Skip to content Skip to footer

Google DeepMind uses a large language model to solve an intractable mathematical problem

Google DeepMind has utilized a substantial language model to solve a previously unsolved problem in pure mathematics. In a paper recently published in Nature, researchers assert that this marks the inaugural instance where a large language model has been instrumental in unraveling a long-standing scientific puzzle.

The objective is to generate novel and substantiated information that was not in existence prior.

“It’s not present in the training data—no one was even aware of it,” explained Pushmeet Kohli, co-author and vice president of research at Google DeepMind.

Large language models

Large language models have been notorious for fabricating information rather than presenting fresh, factual insights. However, a recent tool from Google DeepMind, called FunSearch, seems to challenge this perception. It demonstrates that an AI has the potential to make authentic discoveries when it is sufficiently convinced, and if you discard a significant portion of the fabricated output.

FunSearch extends the trend of breakthroughs in fundamental mathematics and computer science achieved by DeepMind through the assistance of AI. The initial AlphaTensor identified a method to accelerate computations crucial to various types of code, shattering a 50-year record. Subsequently, AlphaDev discovered ways to enhance the efficiency of key algorithms that are executed trillions of times daily.

Yet, these tools do not utilize large language models

Constructed upon DeepMind’s AlphaZero AI, both successfully tackled mathematical problems by treating them similarly to Go or chess puzzles. The drawback, as highlighted by Bernardino Romera-Paredes, a researcher at the company involved in both AlphaTensor and FunSearch, is that these tools are confined to their specific domains:


AlphaTensor excels at matrix multiplication, but essentially nothing else.


FunSearch adopts a distinct strategy

It amalgamates a substantial language model named Codey, a variant of Google’s PaLM 2 fine-tuned for computer code, with other systems that filter out incorrect or nonsensical responses and reintegrate valid ones.

“To be completely honest with you, we have hypotheses, but we don’t precisely understand why this works. In the initial stages of the project, we weren’t certain if this would be effective at all,” admits Alhussain Fauzi, a researcher at Google DeepMind.

The researchers initiated the process by outlining the problem they aimed to solve in Python, a widely-used programming language. However, they omitted the lines in the program that would delineate how to resolve it. This is where FunSearch comes into play. It enlists Codey to complete the gaps – essentially proposing code that will resolve the problem.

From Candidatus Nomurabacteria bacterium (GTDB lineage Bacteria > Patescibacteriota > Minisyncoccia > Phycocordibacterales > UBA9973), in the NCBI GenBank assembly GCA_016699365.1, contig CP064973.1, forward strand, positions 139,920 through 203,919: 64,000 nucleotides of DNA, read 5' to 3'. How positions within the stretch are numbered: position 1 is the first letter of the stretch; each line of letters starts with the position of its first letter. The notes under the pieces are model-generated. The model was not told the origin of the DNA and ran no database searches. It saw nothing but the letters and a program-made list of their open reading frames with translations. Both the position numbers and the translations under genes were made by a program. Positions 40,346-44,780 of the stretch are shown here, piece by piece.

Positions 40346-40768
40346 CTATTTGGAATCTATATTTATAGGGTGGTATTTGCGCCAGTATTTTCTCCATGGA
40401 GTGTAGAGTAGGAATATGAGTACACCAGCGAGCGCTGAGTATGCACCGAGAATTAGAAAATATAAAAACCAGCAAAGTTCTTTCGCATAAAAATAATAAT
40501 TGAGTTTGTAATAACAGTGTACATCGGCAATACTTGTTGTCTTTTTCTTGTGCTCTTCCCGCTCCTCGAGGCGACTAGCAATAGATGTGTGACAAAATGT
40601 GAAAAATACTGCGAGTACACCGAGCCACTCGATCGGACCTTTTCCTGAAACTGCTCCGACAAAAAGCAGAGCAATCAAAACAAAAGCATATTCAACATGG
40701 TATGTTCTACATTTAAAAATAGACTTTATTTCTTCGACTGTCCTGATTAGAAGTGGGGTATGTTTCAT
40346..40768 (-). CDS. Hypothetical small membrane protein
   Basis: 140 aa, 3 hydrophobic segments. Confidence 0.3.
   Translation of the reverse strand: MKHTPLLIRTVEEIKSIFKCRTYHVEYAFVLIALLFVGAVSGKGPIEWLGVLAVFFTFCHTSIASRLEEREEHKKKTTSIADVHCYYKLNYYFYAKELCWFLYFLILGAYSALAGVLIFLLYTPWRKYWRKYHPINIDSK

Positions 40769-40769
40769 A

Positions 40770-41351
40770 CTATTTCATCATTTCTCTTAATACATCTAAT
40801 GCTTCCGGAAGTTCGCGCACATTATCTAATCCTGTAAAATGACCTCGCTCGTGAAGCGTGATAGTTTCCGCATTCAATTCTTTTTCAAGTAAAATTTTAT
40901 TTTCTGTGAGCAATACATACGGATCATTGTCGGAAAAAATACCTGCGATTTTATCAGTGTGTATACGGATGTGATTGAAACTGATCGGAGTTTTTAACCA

A second algorithm subsequently verifies and assesses Codey’s concoction

The most promising suggestions, even if they are not entirely accurate, are stored and fed back to Codey, who then attempts to complete the program once again.

“While many of the suggestions may be nonsensical, some exhibit logical coherence, and a select few are genuinely inspiring. The approach involves taking those exceptionally inspiring ideas and instructing, “Okay, take those and replicate.” Kohli

Following several million suggestions and numerous iterations of the overall process, FunSearch successfully generated code that yielded a correct and previously unknown solution to the finite set problem. This problem revolves around determining the maximum size of a particular type of set.

To illustrate, envision dotting points on graph paper. The set problem resembles the challenge of determining how many dots can be placed without forming a straight line with three of them.

This is highly specialized but crucial

Mathematicians don’t even agree on how to approach it, let alone what the solution entails.

Terence Tao of the University of California, Los Angeles, a recipient of numerous prestigious mathematics awards, shared his insights on the matter. Tao finds the capabilities of FunSearch intriguing.

“It’s a promising paradigm. It’s an interesting way to harness the power of large language models,” notes Tao.

A significant advantage that FunSearch holds over AlphaTensor lies in its potential to address a diverse array of problems in theory. This is because it generates code—a set of instructions for producing the solution, not the solution itself. Different codes can resolve different problems. Moreover, FunSearch results are more comprehensible. A recipe often provides clearer insight than the perplexing mathematical solutions it produces.

To assess its versatility, researchers employed FunSearch to tackle another challenging mathematical problem.

The bin packing problem involves trying to pack items into as many bins as possible.

This optimization is crucial for various computer science applications, ranging from data center management to e-commerce. Impressively, FunSearch devised a faster solution than those created by humans.

“Mathematicians are still exploring the optimal ways to integrate large language models into our research workflow, leveraging their capabilities while mitigating their shortcomings. This certainly suggests a potential pathway forward,” Tao concludes.

Your brand is your best asset 
Contact Us Today!


Emergency number and Whatsapp: +27 84 470 4260


Web Design Galore – Where Imagination Meets Innovation!

Our site uses cookies. Learn more about our use of cookies: cookie policy